The Pain of Rejection

Dear First Ex,

Part of me shudders typing “dear” and thinking about you, but I can’t think of another opening for letters. Bear with me, even though we both know that there’s nothing there.

Anyway, I was thinking about you yesterday. A few days ago, I fell into an old addiction again, and I realized that beneath the symptoms, there was an old lie. As long as I believed that my core was made of putrid darkness, and that no one could want to be near me, the addiction would keep coming back, because it’s comforting.

You are one of the people whose actions made it look like the lie was true.

Does that sound like I’m blaming you? It might, but the truth is that I’m too tired to feel any pain over what happened, and in the moment, I was only able to see my side anyway. I was in a low downswing of my depression, coming off of a suicidal period (or going into one?). There are too many emotions and too much brain fog for me to remember. It could have been too much. It could have been strangling the life out of you. Who knows? Regardless, there’s nothing to gain from another angry tirade at you, and I’m not here to write one.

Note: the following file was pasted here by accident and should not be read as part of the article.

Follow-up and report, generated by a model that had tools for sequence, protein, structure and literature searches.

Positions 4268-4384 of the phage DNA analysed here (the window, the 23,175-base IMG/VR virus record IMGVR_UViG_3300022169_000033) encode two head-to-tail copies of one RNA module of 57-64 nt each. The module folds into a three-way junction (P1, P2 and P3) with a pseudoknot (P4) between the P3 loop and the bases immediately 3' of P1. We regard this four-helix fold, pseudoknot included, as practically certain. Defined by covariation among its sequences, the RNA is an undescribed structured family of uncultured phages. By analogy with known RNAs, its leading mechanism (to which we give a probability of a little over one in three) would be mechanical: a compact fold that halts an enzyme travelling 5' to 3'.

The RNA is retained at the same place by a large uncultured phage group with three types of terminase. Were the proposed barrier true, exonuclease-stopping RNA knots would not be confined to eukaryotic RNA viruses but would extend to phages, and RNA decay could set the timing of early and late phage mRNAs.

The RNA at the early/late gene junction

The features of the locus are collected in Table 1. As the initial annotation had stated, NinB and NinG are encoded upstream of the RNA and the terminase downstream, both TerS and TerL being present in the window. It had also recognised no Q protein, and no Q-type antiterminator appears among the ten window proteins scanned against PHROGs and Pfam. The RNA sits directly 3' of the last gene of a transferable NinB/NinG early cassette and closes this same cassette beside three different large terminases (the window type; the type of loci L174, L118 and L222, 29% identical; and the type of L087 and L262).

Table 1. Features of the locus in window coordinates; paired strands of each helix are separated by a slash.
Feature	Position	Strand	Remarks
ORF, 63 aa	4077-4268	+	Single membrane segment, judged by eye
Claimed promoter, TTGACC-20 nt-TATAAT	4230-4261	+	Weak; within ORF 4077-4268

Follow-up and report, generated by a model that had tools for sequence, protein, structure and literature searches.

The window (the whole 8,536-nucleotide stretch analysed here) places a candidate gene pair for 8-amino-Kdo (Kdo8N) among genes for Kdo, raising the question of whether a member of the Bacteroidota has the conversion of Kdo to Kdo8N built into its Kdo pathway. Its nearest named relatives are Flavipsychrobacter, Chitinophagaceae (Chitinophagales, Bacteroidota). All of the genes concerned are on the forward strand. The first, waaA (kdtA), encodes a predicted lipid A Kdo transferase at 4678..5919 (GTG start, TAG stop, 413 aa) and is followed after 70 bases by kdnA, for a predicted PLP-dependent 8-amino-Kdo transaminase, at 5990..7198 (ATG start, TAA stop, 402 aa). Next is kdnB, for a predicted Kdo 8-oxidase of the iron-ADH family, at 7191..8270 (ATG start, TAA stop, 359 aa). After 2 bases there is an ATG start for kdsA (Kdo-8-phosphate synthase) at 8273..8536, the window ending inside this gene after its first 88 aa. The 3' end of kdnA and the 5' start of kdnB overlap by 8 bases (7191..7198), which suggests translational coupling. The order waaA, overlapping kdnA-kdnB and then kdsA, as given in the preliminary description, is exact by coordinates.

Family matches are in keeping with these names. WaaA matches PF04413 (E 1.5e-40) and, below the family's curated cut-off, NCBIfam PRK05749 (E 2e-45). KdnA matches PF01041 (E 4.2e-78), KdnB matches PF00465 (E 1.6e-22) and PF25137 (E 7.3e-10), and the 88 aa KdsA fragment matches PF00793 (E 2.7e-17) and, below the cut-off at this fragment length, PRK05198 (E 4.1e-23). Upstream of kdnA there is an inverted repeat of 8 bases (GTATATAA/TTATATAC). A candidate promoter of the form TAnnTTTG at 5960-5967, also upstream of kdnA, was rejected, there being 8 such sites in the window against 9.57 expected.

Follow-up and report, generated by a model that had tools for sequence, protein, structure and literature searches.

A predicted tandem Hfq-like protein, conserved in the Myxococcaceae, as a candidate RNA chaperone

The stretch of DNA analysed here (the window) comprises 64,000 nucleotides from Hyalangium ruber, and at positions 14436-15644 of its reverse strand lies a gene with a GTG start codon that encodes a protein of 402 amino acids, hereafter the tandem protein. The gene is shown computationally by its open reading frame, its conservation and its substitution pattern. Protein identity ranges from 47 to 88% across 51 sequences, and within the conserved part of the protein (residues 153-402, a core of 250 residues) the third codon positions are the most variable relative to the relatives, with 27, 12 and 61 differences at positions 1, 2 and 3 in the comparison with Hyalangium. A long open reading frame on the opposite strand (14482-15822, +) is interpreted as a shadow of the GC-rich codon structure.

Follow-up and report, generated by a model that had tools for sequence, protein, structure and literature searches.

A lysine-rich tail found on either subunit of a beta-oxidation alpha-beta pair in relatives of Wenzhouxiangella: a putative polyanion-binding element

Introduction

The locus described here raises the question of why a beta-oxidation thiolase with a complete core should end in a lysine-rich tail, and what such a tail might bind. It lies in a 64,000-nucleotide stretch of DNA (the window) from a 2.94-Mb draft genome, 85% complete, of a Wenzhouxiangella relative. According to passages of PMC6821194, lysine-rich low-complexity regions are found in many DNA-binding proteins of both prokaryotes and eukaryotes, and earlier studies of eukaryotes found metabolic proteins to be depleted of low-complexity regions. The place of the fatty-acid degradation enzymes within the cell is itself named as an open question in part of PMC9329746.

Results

All that I’m trying to say is that the choices you made, especially towards the end, were hard for me to deal with. I still think they show some cowardice on your part, because you recruited other people to break up with me for you instead of saying the words yourself. When I wanted to talk afterwards, just to see if there was a way that we could be civil enough that our mutual friends didn’t have to choose, you had someone insult me so that you could stay silent.

So I let you have our friends and our social spot. Looking back, it sounds a little like a divorce, doesn’t it? Weird.

Reading over my old journal entries yesterday was bizarre. I went from singing your praises to heaping abuse on your name in an instant. I was completely blindsided by the whole thing. I had been pouring everything I had into the relationship. You probably won’t trust me when I say that I know that depressed people don’t have much love to offer. Even before I met you, I knew that love drew energy from my very limited emotional reserves. I spent energy on trying to make you happy when I should have used it for taking care of myself or resting. I tried to take care of your needs. I didn’t criticize your lifestyle and I accommodated your needs. I poured out everything I had for you and you basically said,